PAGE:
The two councils themselves should undergo major adaptations to become more effective and representative. Member country constituencies of the IMF and the World Bank would have to be reconfigured into a smaller number of chairs, eliminating single country constituencies, having European countries adopt a strategy eventually leading to a single chair, and facilitating the adoption of regional criteria for the re-composition of constituencies. Quotas should be recalculated using criteria that would achieve a fairer distribution of voting power and voice, and double majority rules should be introduced to facilitate stronger consensus building in deliberation. The Executive Boards of the two institutions should be made independent and accountable and, the accountability of Managements should be strengthened by making them accountable to their respective boards for their performance and by suppressing the “dual” responsibility of the IMF Managing Director and the World Bank President (as board chair and as chief executive officer).
These proposals are elaborated in the note titled Reforming Global Economic Governance: A Proposal to the Members of the G-20, recently submitted by the ‘Group of Lecce” to the Members of the G20, for their consideration as they prepare to meet at the forthcoming London summit of 2 April.
Editors’ note: Established in early 2009 at the Scuola Superiore ISUFI, under the auspices of the University of Salento, Lecce (Italy), the “Group of Lecce” consists of academics and practitioners in international law, finance and economics with an interest in the development of democratic and effective institutions of global governance. Initially, the group has limited its contribution to proposals aimed to strengthen economic and financial multilateralism by reforming the governance of the IMF and the World Bank. Moving forward, the group will broaden its mandate: it will monitor policy developments following the G20 summit deliberations and contribute ideas and further proposals on specific aspects of global economic and financial governance with the purpose to solicit governments’ policy actions supportive of democratic and effective international institutions of global economic governance. The group will consequently expand its composition to include foreign scholars, network and create international contacts to promote dialogue and ideas. It is open to participation of experts who share its basic principles – as enshrined in the proposal – and who wish to support its mission.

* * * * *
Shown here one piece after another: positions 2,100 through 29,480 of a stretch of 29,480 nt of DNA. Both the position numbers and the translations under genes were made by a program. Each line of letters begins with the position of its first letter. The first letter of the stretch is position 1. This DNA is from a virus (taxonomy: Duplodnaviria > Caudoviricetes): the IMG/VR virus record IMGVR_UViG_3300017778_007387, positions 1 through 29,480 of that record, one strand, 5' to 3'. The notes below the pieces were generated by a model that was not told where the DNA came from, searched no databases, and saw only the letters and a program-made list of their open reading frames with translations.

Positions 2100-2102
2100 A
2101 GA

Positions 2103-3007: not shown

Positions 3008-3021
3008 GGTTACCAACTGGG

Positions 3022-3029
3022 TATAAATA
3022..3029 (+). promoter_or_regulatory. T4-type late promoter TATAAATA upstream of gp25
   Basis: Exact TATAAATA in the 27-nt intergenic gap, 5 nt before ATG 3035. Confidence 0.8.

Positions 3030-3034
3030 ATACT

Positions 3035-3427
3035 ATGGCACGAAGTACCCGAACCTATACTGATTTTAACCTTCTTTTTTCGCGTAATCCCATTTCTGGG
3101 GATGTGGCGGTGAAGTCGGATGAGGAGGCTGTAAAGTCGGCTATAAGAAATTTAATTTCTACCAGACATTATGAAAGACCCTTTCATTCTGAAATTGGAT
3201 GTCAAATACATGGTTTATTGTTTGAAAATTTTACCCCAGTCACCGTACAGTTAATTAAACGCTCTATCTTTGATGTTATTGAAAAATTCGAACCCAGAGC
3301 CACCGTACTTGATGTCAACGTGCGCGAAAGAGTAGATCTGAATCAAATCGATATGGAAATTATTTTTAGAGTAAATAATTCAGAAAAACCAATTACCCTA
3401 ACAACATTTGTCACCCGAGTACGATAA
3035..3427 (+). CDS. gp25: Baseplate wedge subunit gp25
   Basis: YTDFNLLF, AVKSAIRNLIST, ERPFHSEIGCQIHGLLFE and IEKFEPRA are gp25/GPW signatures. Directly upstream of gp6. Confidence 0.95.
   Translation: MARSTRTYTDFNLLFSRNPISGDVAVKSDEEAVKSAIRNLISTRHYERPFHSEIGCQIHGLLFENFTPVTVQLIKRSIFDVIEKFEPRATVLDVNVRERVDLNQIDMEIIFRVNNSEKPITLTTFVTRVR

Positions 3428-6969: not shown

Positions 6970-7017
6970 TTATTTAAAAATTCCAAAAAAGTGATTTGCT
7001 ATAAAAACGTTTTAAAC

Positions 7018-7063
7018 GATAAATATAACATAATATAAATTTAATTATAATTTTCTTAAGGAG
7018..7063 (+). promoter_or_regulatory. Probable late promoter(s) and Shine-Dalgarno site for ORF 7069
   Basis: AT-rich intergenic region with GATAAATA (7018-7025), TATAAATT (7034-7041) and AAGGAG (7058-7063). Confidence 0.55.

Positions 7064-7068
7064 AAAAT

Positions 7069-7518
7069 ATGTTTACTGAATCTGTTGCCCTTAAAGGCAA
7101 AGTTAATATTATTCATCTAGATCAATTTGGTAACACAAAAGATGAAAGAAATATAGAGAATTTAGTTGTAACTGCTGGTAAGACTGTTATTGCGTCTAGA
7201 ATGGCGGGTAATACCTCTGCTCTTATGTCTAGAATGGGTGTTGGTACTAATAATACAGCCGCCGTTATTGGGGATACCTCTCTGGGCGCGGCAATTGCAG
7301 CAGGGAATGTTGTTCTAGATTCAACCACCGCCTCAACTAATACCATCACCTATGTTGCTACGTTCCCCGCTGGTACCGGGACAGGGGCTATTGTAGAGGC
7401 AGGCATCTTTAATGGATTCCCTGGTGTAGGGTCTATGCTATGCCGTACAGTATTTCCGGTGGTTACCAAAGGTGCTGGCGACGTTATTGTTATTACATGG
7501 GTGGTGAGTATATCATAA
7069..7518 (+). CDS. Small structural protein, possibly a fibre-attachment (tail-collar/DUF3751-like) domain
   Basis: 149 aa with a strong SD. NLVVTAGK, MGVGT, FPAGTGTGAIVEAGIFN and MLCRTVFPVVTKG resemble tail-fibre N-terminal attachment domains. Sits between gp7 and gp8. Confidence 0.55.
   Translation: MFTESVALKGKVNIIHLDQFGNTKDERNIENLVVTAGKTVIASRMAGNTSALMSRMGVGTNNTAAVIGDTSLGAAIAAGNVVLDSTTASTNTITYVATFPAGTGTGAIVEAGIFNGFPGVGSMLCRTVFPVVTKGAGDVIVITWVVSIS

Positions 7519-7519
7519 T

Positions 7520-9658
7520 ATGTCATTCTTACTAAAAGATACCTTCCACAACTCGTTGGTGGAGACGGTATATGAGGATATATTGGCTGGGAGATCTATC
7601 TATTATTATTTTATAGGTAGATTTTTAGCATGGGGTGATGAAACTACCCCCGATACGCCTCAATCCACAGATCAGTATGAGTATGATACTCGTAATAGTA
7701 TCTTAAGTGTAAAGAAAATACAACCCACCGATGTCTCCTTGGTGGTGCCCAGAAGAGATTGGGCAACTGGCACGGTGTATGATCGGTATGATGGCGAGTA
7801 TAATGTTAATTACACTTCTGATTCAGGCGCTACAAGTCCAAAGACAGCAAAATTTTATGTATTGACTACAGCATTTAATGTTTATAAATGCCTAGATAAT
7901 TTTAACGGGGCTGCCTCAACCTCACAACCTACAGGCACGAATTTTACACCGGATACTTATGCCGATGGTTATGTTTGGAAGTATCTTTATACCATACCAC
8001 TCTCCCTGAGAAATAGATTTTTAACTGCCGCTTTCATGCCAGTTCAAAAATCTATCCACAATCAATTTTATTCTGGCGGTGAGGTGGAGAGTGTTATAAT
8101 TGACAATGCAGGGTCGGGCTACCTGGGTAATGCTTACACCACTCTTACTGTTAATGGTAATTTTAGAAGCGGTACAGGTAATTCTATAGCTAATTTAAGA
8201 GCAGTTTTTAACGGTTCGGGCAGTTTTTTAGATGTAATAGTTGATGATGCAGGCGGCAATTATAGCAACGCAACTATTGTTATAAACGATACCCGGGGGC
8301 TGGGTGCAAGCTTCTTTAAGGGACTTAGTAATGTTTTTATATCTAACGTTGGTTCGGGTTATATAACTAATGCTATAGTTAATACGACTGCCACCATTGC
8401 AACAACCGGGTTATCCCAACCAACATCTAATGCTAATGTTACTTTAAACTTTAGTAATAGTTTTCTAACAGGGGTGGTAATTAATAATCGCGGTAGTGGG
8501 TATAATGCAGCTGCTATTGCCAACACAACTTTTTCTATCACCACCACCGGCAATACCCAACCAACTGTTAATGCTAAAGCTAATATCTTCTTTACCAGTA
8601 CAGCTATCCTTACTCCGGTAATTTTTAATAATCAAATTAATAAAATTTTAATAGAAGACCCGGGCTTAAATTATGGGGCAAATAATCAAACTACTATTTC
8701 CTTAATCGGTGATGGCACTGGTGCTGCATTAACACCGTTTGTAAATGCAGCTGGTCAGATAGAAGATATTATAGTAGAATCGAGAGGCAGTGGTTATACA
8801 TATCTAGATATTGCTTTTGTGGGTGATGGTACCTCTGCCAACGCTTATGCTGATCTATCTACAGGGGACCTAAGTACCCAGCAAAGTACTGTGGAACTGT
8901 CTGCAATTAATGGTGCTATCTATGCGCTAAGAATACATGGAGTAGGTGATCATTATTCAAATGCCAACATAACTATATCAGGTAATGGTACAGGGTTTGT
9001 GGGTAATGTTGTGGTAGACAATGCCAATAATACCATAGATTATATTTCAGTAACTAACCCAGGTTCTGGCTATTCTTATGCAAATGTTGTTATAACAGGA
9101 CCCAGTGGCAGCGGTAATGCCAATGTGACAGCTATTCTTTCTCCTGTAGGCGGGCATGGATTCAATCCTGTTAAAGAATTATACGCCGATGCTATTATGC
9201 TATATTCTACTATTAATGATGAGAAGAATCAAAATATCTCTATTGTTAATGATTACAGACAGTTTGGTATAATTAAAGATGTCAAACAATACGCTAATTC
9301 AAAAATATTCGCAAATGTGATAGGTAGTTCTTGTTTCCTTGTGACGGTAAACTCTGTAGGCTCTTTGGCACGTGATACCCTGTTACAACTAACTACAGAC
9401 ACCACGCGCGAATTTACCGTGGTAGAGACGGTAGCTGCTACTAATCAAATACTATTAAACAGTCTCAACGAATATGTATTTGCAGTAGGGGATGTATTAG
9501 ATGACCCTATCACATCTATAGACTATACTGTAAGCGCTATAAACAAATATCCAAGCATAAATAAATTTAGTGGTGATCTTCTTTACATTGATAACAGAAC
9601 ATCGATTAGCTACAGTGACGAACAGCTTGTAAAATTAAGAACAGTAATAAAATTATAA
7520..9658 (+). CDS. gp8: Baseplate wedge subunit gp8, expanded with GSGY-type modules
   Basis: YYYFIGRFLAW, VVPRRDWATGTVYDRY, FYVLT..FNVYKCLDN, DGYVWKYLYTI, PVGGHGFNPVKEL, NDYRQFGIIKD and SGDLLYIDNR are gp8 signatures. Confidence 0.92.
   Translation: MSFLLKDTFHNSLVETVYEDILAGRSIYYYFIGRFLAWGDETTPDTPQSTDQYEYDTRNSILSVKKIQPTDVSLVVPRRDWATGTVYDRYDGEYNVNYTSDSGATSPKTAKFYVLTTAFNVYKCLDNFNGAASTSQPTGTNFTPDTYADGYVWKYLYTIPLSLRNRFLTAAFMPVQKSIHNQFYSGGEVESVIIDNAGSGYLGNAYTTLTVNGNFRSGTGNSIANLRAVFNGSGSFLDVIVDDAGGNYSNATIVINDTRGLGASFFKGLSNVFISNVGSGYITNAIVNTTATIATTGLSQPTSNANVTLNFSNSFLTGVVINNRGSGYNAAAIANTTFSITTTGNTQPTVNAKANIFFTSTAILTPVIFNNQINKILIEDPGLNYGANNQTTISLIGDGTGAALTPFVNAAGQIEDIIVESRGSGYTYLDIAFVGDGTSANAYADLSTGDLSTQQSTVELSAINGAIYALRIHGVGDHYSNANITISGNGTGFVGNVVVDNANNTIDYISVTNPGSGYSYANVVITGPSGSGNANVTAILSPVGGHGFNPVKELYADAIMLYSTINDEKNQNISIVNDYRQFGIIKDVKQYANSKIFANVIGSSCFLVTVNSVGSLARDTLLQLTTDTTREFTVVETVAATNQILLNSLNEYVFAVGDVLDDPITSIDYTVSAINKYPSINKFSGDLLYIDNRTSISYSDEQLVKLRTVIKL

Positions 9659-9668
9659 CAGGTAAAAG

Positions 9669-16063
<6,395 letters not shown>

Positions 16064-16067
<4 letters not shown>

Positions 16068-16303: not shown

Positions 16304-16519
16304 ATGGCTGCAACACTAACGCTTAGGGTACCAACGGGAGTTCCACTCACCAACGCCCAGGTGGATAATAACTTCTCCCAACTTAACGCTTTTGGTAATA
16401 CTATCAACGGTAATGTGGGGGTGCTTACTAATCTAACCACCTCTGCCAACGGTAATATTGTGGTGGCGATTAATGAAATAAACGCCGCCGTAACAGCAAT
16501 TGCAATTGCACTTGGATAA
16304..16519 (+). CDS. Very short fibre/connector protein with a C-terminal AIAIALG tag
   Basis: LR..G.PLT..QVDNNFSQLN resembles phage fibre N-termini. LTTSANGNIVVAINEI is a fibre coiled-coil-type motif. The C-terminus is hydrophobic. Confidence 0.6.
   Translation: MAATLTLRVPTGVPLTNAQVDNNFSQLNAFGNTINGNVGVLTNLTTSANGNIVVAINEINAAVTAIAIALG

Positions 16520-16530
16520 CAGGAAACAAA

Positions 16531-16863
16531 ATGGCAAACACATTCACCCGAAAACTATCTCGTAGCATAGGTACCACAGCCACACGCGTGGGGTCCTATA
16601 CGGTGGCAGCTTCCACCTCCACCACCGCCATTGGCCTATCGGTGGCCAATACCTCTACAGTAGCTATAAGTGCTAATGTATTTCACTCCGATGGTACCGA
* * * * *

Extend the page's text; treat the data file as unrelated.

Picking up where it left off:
The members of the group are: Biagio Bossone (coordinator), international financial consultant, former member of the Executive Boards of IMF and World Bank, and Adjunct Professor of International Financial Relations; Susanna Cafaro, Professor of European Union Law; Saverio Di Benedetto, Researcher of International Law; Raffaele De Giorgi, Professor of Theory of Law; Nicola De Liso, Professor of International Economics; Maria Chiara Malaguti, Professor of International Law, International financial legal expert, and consultant to the Italian Ministry for Foreign Affairs; and Liboria Maggio (secretary), PhD student in Law and Economics.